Gov’t sticks to totalitarian symbols draft, may hurt Aeroflot


Despite Heineken settling its dispute with a Transylvanian brewery, the Hungarian governing Fidesz-KDNP coalition seems set on sticking to the so-called "lex Heineken" bill that would ban the use of totalitarian symbols for commercial purposes, Hungarian online news portal reported yesterday. It is thought the bill could also hurt Russian airline Aeroflot.

Nándor Csepreghy, parliamentary state secretary at the Prime Ministerʼs Office headed by one of the billʼs drafters, Cabinet Chief János Lázár, said Monday during an impromptu press conference in one of the corridors of Parliament that the proposal will not be withdrawn, and that the law will apply to every company that uses such symbols, reported.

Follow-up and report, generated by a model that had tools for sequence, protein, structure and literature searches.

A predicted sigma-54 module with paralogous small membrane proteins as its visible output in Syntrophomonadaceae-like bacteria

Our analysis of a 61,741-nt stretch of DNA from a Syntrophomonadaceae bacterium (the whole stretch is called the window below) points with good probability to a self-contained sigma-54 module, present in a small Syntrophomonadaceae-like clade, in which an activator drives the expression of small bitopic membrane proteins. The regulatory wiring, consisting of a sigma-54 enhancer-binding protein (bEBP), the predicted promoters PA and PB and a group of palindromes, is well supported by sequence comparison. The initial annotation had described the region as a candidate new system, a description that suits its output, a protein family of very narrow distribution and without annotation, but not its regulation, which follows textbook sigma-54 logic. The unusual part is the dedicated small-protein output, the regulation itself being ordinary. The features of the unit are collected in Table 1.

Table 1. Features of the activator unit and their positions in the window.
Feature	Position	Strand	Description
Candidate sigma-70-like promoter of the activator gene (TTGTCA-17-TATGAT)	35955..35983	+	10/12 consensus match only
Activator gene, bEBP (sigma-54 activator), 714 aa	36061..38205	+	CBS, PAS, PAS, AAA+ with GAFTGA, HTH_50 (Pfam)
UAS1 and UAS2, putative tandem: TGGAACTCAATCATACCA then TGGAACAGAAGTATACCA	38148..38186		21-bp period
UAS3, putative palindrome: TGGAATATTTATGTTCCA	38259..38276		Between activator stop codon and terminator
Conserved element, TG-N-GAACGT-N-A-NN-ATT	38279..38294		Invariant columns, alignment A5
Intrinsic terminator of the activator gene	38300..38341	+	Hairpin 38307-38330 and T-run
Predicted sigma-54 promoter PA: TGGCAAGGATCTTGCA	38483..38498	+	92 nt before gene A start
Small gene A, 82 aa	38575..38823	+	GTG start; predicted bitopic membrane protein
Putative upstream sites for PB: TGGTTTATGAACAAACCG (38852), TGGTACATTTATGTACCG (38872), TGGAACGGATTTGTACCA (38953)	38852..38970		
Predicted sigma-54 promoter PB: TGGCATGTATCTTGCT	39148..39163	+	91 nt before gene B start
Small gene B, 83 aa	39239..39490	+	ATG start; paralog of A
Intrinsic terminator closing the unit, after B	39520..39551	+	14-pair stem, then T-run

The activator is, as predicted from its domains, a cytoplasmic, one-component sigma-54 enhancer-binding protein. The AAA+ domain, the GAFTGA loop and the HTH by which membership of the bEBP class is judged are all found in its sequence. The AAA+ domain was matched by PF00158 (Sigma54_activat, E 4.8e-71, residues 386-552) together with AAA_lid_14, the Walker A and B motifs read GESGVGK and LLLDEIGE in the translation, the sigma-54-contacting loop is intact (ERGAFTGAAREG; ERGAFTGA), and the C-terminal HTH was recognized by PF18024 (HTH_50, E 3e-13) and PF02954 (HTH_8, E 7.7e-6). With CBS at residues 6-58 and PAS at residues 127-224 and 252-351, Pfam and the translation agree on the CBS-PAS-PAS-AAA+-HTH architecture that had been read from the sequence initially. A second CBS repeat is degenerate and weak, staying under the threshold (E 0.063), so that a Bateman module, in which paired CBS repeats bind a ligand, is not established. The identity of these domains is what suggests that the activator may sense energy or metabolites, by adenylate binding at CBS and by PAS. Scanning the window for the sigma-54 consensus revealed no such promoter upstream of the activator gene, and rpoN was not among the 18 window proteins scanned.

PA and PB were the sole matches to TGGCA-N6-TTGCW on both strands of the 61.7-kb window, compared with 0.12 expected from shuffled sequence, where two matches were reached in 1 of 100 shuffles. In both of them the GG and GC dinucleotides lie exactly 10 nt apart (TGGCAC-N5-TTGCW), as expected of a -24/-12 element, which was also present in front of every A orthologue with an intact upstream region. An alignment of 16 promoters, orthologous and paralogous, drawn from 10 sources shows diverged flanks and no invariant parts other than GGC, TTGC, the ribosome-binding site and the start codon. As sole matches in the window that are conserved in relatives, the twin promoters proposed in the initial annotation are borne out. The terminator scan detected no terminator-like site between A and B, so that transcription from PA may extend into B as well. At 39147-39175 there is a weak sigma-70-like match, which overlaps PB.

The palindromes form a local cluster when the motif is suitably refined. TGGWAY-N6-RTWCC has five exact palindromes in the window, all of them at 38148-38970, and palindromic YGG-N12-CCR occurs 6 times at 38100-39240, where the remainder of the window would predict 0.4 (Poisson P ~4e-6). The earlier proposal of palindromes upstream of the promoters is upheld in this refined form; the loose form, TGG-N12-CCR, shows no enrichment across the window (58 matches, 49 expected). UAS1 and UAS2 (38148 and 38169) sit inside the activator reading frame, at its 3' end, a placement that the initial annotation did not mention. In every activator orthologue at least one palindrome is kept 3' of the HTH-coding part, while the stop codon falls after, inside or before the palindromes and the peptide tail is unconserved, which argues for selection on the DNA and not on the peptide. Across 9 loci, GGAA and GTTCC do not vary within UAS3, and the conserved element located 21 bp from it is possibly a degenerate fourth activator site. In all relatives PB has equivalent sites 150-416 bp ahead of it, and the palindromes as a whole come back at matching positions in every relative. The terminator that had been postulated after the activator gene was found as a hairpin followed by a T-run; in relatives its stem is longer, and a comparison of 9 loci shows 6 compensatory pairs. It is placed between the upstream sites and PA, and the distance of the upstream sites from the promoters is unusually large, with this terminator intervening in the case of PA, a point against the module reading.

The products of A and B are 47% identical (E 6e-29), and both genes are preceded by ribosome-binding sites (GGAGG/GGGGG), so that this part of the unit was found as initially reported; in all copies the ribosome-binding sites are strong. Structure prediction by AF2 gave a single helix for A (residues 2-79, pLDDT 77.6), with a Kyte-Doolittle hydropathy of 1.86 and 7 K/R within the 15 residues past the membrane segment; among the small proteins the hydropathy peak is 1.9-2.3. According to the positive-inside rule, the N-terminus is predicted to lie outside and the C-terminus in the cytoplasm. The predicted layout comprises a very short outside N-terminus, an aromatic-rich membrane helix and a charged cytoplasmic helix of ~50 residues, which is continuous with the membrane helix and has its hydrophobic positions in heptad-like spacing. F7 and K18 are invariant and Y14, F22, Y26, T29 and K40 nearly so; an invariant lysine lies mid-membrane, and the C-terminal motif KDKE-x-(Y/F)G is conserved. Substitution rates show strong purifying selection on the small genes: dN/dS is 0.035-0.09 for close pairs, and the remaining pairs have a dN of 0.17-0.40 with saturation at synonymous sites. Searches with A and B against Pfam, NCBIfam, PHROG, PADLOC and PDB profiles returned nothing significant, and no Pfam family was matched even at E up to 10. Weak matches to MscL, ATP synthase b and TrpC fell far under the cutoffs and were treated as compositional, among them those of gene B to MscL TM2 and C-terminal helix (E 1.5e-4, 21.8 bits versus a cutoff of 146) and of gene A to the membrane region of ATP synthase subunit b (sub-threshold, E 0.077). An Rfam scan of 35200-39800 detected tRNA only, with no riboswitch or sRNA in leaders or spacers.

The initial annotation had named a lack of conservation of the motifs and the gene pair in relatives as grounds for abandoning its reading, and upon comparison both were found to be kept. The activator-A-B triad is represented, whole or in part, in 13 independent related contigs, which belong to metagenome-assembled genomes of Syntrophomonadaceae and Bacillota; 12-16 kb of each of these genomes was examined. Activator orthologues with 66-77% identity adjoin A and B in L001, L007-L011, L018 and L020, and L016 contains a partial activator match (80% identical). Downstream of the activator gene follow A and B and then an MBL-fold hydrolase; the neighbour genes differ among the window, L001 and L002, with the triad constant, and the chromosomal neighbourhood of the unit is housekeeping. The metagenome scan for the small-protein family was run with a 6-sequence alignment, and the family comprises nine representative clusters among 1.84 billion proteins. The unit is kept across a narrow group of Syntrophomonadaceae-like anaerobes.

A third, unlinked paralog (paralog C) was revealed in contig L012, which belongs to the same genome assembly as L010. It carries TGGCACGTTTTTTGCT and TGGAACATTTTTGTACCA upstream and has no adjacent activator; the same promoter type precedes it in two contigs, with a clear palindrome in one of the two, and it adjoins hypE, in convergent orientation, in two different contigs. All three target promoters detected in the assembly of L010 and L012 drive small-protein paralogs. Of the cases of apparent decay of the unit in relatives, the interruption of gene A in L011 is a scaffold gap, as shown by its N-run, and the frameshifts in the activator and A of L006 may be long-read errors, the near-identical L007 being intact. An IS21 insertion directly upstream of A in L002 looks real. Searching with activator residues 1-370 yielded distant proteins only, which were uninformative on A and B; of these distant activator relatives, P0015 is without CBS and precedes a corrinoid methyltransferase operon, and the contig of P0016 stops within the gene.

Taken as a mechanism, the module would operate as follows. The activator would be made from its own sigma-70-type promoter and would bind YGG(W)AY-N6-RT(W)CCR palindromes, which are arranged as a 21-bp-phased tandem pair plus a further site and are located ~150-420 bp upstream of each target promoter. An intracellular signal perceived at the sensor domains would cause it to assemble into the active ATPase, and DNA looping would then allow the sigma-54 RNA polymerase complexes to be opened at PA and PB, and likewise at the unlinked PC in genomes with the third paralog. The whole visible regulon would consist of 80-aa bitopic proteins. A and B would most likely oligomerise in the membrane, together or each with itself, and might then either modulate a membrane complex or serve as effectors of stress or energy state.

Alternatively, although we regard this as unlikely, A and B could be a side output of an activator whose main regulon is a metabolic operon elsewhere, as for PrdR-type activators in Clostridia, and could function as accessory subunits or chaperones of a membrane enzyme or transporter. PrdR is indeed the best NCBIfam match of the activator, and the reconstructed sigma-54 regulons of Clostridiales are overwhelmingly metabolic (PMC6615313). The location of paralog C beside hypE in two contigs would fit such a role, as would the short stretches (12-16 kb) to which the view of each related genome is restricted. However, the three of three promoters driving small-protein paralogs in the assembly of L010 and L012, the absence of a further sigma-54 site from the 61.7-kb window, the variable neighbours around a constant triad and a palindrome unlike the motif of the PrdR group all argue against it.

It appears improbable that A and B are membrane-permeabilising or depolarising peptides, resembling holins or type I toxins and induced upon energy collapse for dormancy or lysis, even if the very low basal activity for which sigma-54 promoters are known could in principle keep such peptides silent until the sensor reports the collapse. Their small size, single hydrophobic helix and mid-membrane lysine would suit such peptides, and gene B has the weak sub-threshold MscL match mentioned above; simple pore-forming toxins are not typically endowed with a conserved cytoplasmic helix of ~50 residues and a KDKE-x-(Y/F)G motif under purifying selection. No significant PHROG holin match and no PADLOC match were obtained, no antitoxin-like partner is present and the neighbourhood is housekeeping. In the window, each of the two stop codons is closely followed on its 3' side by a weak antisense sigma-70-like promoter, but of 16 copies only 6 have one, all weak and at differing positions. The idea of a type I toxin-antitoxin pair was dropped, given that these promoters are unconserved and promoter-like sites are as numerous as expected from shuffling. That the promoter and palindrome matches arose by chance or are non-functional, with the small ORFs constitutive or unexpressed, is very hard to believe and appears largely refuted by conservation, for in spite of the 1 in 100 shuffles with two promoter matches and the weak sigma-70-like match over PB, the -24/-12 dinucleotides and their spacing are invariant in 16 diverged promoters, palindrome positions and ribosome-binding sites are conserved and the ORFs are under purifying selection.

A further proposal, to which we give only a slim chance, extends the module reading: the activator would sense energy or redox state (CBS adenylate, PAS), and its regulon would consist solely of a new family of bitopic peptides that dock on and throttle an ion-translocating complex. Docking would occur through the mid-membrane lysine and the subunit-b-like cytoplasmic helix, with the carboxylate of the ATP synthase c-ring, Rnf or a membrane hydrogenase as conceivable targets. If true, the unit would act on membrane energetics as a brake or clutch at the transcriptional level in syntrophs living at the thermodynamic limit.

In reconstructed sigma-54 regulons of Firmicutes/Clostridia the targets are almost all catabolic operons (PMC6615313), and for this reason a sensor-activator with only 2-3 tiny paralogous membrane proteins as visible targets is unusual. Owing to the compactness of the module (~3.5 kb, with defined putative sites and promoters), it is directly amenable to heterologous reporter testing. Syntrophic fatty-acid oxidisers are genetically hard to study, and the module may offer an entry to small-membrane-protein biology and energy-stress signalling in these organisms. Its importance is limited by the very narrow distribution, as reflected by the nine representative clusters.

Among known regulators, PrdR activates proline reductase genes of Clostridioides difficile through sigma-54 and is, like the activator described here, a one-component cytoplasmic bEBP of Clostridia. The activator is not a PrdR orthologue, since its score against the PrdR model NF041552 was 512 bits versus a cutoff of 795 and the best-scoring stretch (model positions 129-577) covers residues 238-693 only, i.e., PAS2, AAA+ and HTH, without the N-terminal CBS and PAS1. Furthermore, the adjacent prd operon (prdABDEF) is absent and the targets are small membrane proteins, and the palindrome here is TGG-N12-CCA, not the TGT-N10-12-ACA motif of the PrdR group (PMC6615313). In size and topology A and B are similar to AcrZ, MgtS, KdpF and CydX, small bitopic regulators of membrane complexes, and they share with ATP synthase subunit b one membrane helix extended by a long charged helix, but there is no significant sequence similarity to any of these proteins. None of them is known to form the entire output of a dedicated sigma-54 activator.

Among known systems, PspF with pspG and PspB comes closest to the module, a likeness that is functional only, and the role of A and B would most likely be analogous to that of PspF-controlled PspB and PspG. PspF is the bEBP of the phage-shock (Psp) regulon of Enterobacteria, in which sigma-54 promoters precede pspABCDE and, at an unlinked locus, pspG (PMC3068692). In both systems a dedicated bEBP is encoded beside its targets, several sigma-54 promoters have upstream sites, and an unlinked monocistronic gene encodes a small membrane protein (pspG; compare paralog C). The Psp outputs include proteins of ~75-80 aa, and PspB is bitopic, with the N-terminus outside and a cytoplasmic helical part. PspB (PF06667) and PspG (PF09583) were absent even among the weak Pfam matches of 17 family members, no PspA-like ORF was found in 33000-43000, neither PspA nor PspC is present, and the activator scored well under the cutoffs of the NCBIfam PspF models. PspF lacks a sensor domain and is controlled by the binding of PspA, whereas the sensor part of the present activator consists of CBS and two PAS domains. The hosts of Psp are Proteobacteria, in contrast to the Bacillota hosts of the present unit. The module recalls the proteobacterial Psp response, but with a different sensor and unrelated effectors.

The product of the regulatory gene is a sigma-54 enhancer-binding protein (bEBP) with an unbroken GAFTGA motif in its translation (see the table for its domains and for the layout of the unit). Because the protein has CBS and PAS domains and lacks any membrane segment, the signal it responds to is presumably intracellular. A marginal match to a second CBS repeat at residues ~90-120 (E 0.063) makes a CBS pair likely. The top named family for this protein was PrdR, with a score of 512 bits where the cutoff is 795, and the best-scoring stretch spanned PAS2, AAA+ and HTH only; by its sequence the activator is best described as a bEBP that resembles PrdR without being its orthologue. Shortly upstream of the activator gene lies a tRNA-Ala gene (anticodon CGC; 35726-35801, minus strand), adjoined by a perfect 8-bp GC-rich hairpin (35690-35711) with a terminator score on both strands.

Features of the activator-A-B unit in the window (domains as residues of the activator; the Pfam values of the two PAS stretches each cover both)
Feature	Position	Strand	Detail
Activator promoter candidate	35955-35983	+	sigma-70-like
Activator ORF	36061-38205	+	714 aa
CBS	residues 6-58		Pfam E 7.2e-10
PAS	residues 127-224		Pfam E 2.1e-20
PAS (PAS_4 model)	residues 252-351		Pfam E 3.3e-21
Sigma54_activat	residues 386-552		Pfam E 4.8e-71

However, the online daily noted that should the bill be passed into law, then Russian national carrier Aeroflot, which uses the symbol of a hammer and sickle, would also likely fall under the ban. 

Although Csepreghy insisted yesterday that the bill would apply to everybody, noted that Fidesz MP Lajos Kósa earlier suggested that the stars used by Converse shoes and San Pellegrino mineral water for branding would be acceptable, while the red star used by Heineken beer would be banned.

Before peace between Heineken and Csíki Sör was declared yesterday, Lázár warned Heineken not to squeeze the Transylvanian craft beer out of the market, suggesting that the Hungarian government would be ready to take steps to prevent this.

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